The group is home to Mount Farnham which is the highest summit in the Purcell Range, and most of the peaks are near or above 10,000' feet in elevation. It is part of the Main Uplift of the Purcell Range, and the tectonic movements created intense heat and pressure. The heat made the rock more elastic, and the pressure caused the rocks to be folded, faulted, and squeezed upward, forming the high peaks and structures seen today. Because the rock was mainly quartzite and was more elastic from the heat, it had the strength to prevent it from collapsing as it was pushed upwards. This led to the high rugged peaks in the area today, in which vertical relief of over 2000m is not uncommon, and helped to form the steep valleys lush with forest cover typical of the group. The largest glacier in the group is the Delphine Glacier, but smaller glaciers and snowfields are quite common. The rock quality in the group itself is variable and consists mainly of friable sediments. There are however more firm rock outcrops such as Mount Nelson's limestone cap, but for the most part rock can range from reasonably firm to horribly loose. History: The Ktunaxa (pronounced "Too nah hah", and who were originally called the Kootenai First Nations) were the first human beings to see the high peaks of the Farnham Group as they were the first to establish a permanent settlement in the Northern Purcells, and explore the rugged backcountry up the major drainages. Their first settlement was at the Columbia River in shallow wetlands where the Lake Windermere empties into the River, and just south of the confluence of Toby Creek and the Columbia River. This site was called "Koalanuk" (The Salmon Beds)as salmon spawned in the shallow waters and the catches were plentiful. This area was directly east of the southern border of the Farnham Group, and no doubt the peaks were awe inspiring for them.
The first white person to see the peaks of the Farnham Group was the great explorer David Thompson, who after gaining the Columbia Valley in 1807 paddled upstream and established Kootenae House, the first white trading post and home in the valley. He named Mount Nelson after Nelson of the Battle of Trafalgar. The story goes that he first heard about the naval victory at Trafalgar 3 years after it happened, and upon hearing of Nelson's victory, he named this distinctive peak after the great naval hero.
Around the 1860's the Shushwap First Nations chief Kinbasket led a group of his people over the now Earl Grey Pass into the Toby Creek drainage and saw the peaks of the group visible from along Toby Creek. They then followed Toby Creek to the Columbia Valley and established small fishing settlements.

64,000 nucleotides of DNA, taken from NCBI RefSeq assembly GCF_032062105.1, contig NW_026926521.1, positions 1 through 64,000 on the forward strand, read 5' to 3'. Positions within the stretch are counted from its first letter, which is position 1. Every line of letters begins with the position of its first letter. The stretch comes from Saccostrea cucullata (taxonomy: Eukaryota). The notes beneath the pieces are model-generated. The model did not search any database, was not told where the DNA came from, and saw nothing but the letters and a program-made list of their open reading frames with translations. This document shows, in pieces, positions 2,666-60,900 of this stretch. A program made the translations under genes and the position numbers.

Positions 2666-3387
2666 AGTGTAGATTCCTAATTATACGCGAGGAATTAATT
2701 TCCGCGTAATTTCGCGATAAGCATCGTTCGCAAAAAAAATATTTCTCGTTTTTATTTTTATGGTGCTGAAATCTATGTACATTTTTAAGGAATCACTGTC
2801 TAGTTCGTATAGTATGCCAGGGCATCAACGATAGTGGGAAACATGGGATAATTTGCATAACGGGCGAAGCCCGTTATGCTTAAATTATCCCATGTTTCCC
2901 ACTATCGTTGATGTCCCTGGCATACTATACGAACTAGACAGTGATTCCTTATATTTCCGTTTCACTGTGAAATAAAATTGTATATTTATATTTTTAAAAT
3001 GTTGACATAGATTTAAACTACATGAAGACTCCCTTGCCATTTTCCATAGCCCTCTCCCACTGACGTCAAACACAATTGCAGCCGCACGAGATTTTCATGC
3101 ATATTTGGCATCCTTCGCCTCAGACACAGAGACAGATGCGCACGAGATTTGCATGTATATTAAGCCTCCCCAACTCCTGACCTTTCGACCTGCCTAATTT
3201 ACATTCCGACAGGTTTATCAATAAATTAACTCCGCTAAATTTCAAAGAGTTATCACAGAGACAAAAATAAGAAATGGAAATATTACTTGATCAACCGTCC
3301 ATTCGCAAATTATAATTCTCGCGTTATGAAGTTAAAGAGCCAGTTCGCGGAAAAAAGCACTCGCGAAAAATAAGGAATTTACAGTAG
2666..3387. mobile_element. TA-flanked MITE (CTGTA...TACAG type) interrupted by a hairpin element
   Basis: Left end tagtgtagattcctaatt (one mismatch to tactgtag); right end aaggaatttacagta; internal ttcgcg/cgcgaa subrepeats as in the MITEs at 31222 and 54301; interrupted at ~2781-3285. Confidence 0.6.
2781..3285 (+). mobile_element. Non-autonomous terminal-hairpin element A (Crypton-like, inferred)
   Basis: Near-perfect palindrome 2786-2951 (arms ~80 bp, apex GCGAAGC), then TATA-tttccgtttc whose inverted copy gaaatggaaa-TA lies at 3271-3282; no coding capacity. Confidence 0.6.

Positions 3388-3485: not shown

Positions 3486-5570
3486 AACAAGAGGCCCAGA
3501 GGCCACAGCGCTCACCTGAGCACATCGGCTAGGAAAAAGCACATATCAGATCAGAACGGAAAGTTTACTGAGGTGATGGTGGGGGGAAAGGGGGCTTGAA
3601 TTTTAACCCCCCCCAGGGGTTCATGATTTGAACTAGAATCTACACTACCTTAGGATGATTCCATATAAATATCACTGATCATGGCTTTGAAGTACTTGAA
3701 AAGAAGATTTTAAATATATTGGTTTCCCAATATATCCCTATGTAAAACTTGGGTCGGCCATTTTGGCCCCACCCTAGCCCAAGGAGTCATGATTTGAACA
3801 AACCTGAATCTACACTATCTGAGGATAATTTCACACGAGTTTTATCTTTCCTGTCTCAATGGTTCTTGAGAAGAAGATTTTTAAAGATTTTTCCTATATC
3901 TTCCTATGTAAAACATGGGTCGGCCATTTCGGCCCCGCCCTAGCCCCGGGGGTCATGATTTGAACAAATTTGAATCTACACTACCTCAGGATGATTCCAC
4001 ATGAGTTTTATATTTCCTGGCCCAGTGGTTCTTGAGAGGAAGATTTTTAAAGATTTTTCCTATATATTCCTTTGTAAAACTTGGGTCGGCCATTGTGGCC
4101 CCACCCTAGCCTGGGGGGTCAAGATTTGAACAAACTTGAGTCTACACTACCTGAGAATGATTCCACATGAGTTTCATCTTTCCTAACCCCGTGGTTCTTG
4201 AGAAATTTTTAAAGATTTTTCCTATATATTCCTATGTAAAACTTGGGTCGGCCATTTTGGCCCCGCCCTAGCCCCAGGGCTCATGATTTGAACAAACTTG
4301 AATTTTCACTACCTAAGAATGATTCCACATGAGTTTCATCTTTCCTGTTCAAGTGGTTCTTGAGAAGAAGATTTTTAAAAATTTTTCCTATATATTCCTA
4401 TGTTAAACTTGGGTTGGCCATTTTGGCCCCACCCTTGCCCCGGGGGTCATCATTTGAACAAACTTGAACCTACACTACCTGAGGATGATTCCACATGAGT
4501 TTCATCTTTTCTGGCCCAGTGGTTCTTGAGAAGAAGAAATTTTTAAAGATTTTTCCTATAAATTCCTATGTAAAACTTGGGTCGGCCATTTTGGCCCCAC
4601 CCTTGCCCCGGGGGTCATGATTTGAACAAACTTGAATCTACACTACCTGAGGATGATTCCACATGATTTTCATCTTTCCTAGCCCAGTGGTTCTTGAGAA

As time went on more trails and access into the group was established, and most of the prominent mountains were ascended between 1910 and 1915, with later ascents of some less prominent peaks and second routes on the prominent ones in the 1970's. One of the first climbers to enter the area was C.D. Ellis, who climbed Mount Nelson from Paradise Mine and the SE ridge solo in 1910. E.W. Harnden came along in 1911 and participated in the first ascent of the SW ridge of Mount Nelson, and the first ascent of Mount Catherine. After that a party which included the McCarthy's and the legendary Conrad Kain claimed the biggest prizes of the group in 1914, Mount Farnham and the Farnham Tower. That group went on to be the first ascenders of many of the other peaks in the group. The legendary Purcell Pioneer A. A. McCoubrey also ventured into the area at times, and along with E. Feuz Jr. were the first ascenders of Delphine Mountain, itself a good prize. Although he was not the first ascender (The McCarthy party and Conrad Kain were), Mount McCoubrey is named in his honour.
Before some of the renewed interest in the 1970's, in which different parties that contained A. Larson and C. Wagner (and some other random parties) ascended several of the less prominent peaks, the group was mostly ignored in favour of the glamour of the hard granite and new found routes in the Bugaboos. Today the group offers fine ascents (although rock quality can be variable) in an area which provides a remote feel and rugged nature similar to when it was discovered.
Alpine Journal Articles
1914 First Ascents Of Mt. Farnham And Mt. Farnham Tower (1914) A. H. MacCarthy
1915 Climbs and Explorations in the Purcell Range in 1915 - Delphine W. E. Stone
1928 Trails of the Athabaska and Columbia, 1928 - Part 2 J Munroe Thorington